John Abraham had one of the best years in his career last year, avoiding injury, and getting a serious snub from the Pro-Bowl committee. By far and away one of the best defensive ends in the NFL last year. Abraham had 16.5 sacks and was the driving force for the Falcons pass rush last year, collaring roughly more than half the sacks than the rest of the entire team combined (34 total sacks). He had some help from Babineaux creating havoc on his side, but had zero help in terms of disruption from the other side with Grady Jackson having 2 sacks and Jamaal Anderson having two total sacks. After fighting injury problems and so-so years as a Falcon, Abraham obviously took to Coach Smith, Coach Van Gorder’s style, and Sugar Bear Hamilton’s guidance. His run stopping ability may not be superior, but his pass rushing skills are paramount. In all likelihood, Smith and Van Gorder will give Abraham a heavy rotation with either Biermann or Davis. Smith did a good job of keeping Abraham fresh enough for him to have one of his best years in his career. A look at Abraham’s career averages as a New York Jet compared with his most recent year as a Falcon:
New York Jets (Average)
Games Started – 12; Total Tackles – 44; Sacks – 9
Falcons – 2008
Games Started – 16; Total Tackles – 38; Sacks – 16.5
Abraham’s age may be a concern, but with years of 16.5 sacks, who can argue with production. He was one of the only players to miss OTA’s (off-season training Coach Smith may have no problems with his absence, but that misses the greater point with some of the fanbase. Many feel that he should want to be there to guide this new defense to another level and help mentor many of the new guys coming into starting and playing roles. It is not evident that he doesn’t already do that, but it surely isn’t advertised or discussed if that is the case. With his age and experience, Abraham should be the heart and soul of the defense and be ready to step in to fill a huge leadership gap with 5 new starters on defense, possibly up to 7 new rookies, and 3 to 4 second year players. The departure of Milloy and Brooking created a large vacuum for leadership on and off the field. Even though he may be leading by example, he is definitely not a vocal leader and big force in the locker room that commands the team’s attention and can steer them in right direction if they go astray. Some think that Abraham should realize the opportunity he has in front of him, particularly brining in Tony Gonzalez, and seize the last best chance to win the Lombardi Trophy.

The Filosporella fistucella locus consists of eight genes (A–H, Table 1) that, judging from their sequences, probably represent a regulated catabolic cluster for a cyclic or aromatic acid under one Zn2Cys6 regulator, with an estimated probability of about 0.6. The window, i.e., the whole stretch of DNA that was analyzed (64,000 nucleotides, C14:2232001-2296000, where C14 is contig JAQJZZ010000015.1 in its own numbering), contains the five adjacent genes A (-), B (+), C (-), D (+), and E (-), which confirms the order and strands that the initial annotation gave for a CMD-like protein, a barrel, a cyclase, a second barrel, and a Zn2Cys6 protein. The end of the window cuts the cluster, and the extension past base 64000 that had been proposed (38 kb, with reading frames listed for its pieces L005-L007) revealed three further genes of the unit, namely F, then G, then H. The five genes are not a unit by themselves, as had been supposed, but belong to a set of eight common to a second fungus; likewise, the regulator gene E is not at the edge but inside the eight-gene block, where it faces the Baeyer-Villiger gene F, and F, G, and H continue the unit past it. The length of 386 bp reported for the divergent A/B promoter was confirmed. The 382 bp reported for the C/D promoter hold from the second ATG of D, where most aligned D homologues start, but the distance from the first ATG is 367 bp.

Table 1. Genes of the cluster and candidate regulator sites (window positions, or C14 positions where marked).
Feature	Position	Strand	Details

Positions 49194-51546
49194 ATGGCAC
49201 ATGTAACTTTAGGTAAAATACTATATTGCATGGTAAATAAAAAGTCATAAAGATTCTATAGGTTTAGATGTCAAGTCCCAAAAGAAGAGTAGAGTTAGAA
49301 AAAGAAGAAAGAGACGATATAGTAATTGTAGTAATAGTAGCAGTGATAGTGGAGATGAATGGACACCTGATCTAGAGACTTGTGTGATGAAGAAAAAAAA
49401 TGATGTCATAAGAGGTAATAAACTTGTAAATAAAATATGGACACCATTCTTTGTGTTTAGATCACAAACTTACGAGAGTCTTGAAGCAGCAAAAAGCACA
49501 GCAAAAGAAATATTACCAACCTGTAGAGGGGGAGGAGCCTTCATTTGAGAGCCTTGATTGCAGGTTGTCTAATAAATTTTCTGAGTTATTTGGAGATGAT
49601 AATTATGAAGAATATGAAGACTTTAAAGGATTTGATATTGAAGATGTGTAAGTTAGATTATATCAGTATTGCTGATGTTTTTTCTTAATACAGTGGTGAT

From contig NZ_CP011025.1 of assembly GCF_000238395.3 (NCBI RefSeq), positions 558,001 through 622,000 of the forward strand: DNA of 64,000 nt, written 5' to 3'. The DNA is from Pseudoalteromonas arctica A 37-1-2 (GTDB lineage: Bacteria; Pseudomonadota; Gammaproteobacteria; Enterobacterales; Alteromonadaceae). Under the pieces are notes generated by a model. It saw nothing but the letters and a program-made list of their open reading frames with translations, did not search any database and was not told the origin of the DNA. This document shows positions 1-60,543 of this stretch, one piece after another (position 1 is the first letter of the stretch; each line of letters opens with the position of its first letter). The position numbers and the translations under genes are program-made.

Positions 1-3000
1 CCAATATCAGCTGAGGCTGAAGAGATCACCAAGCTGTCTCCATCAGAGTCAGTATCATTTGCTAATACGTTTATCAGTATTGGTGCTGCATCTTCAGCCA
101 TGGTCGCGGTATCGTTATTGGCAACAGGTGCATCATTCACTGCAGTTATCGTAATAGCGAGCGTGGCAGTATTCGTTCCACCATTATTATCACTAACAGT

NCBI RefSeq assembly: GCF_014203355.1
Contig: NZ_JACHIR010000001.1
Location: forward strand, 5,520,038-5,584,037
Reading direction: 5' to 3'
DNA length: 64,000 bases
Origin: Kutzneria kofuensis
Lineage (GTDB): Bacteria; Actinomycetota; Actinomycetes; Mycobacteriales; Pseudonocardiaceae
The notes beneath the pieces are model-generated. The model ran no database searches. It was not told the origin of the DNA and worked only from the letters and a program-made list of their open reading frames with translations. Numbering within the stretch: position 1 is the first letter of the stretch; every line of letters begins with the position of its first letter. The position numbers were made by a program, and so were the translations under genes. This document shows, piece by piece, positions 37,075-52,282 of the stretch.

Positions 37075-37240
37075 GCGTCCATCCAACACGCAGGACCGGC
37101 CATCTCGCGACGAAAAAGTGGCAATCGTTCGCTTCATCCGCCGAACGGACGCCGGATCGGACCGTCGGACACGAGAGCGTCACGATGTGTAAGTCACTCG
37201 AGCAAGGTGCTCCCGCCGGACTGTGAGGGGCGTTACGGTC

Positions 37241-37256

Fair Shot for Chauncey?
One of the lesser publicized transactions of the free agency period was the Falcons resigning Chauncey Davis. Even though it may have gone unnoticed in the national media market, it surely didn’t escape Falcons fans. Davis is a favorite to many fans, even though only playing when the starting defensive ends either took a breather or had an injury. There is good reason Davis is well-liked by so many fans in Atlanta. He has played in every single game since wearing a Falcons uniform after being drafted in 2005, even starting 13 games in 2006. With limited playing time, the guy just makes plays when he’s in the game. He has a nose for the football and a penchant for always coming up with a big play just when the Falcons need it (2 of his 4 sacks came in the pivotal late-season Carolina game). Davis registered 4 sacks and 38 Total Tackles in partial time on the field, which Anderson detractors are quick to point out. He has always been counted on to be a solid backup defensive end since being drafted by Jimmy Mora and has definitely made the most of the small amount of time he’s been given. A look at his career stats:
Games Played – 64; Games Started – 19; Total Tackles – 132; Sacks – 8
During negotiations it was led to believe that his agent wanted some type of guarantee that Davis would get a fair shot to win the starting defensive end spot outright. His contract represents it (4 years, $14 million). Looking purely at base salary from last year, a few players that Davis is due to earn more than: Aaron Kampman, Shaun Ellis, and Mario Williams (not total contract, just yearly average). His base salary jumped from $927,000 a year to roughly $3.5 Million. Seems high to be a pure backup. At a minimum, his contract looks to be an insurance to Abraham’s age and injury history. As mentioned in earlier posts, Dimitroff and Coach Smith want to make this the most competitive training camp, perhaps in Atlanta Falcons history. Outside of a couple of obvious locks to be starters, competition is widespread throughout the team, all the way down to the 53rd spot on the team and even potentially to the practice squad. The coaching staff obviously felt Anderson needed the competition when they resigned Davis and drafted Lawrence Sidbury Jr. Although the coaching staff promises a fair competition, Anderson will likely be given more chances to earn the spot due to his high draft status and vested interest to the Falcons.
That being said, it looks as if Davis has an amazing training camp, there’s a good possibility that #92 will finally earn the starting spot he’s been looking to achieve. The Atlanta Falcon’s new coaching staff really doesn’t give the impression of handing out starting spots simply based on draft status. That favors Davis chances.
1) Will Abraham repeat an injury-free, stellar year?
2) Is there an issue with leadership surrounding #55?
3) Do you believe that Chauncey Davis will get a fair shot at RDE?
4) What’s your opinion of the Davis resigning: good move or too much money?
Next Post Preview: How much will Biermann play? What role can Sidbury Jr. find?